What Guardrails?

by Bobby Parrott

Gauzy tails fluke my thought fish
into the nooks of my head-construct
and I think, sky. Meanwhile,
yesterday’s umbrella flexes spines
at tomorrow’s body of oranges
rolling like suns down the seconds
to fuse my moldering measure
of Cartesian. In snail-shell curves
my car, like so many cornflakes
tip the spoon toward my open mouth,
and despite the deal I’ve made
with impermanence, spies afresh
my little boat running over.
Now the gently knurled wheel
cooling in my palms morphs
into its thickest snake body, slithers
its undulation into my corduroy
lap. Refusing any response—squeeze
how I might— my Volkswagen’s
guidance system a pattern of scales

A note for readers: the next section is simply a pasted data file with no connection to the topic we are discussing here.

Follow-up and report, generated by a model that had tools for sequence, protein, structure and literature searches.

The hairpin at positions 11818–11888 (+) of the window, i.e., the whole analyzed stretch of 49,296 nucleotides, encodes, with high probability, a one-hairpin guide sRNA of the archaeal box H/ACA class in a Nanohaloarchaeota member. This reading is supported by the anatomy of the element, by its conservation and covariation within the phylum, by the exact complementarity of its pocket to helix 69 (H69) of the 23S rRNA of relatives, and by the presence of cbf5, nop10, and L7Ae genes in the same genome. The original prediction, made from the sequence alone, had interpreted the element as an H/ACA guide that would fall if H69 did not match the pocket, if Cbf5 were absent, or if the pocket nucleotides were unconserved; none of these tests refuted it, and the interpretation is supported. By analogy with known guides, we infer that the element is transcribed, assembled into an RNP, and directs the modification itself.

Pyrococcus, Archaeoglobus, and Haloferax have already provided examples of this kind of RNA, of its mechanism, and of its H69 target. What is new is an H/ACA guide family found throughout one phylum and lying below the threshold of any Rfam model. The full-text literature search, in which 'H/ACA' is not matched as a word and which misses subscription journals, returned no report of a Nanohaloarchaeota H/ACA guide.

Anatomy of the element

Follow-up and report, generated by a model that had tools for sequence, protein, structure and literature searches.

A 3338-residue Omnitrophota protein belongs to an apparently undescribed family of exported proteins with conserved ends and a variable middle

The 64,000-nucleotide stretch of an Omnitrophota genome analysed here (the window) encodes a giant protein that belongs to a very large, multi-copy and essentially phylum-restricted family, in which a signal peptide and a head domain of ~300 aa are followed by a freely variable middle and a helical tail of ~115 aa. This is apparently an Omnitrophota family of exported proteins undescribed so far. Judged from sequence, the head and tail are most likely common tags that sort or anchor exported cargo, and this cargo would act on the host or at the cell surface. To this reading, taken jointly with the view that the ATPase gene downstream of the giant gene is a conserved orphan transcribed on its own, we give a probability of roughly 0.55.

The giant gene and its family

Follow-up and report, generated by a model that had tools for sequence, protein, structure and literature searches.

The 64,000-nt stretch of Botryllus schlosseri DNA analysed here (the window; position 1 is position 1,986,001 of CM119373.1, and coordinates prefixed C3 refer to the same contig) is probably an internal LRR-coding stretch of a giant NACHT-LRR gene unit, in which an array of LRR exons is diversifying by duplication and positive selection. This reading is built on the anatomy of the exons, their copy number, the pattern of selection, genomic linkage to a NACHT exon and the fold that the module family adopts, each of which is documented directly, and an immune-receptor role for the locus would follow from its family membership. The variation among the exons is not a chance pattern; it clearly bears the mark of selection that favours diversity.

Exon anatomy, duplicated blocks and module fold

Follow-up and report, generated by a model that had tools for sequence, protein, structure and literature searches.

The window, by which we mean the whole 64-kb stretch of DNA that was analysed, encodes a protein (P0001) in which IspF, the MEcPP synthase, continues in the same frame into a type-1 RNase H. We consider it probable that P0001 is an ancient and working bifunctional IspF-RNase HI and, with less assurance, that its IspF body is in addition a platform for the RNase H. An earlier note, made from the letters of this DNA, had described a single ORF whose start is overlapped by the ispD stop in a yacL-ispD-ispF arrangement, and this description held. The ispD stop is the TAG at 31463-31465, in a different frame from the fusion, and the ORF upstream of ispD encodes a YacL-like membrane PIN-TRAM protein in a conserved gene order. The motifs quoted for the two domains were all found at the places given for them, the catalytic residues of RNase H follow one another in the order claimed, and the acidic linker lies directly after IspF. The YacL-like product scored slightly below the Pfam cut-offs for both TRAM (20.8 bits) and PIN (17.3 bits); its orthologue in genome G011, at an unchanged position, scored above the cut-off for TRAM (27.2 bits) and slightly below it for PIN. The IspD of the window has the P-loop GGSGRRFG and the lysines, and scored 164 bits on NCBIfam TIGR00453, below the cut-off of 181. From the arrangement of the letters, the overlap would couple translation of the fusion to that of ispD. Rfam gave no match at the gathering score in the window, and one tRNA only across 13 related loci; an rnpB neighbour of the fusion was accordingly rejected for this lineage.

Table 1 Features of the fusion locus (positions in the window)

that twist in my grip only to slip
from my lap to the floor. I denounce
this mulish Beetle’s clunky hulk
now airborne, sharp whiff of gasoline
in our nostrils, rubber donut feet
already having jumped the stony lip
of the cliff’s edge. And I think,

It’s not the fall…

About the Author

Bobby Parrott is radioactive, but for how long? This queer poet’s epiphany concerns the intentions of trees, and now his poems enliven dreamy portals such as Tilted House, Rumble Fish Quarterly, Rabid Oak, Diphthong, Neologism, and elsewhere. He lives in Fort Collins, Colorado with his partner Lucien, their top house plant Zebrina, and his hyper-quantum robotic assistant Nordstrom.

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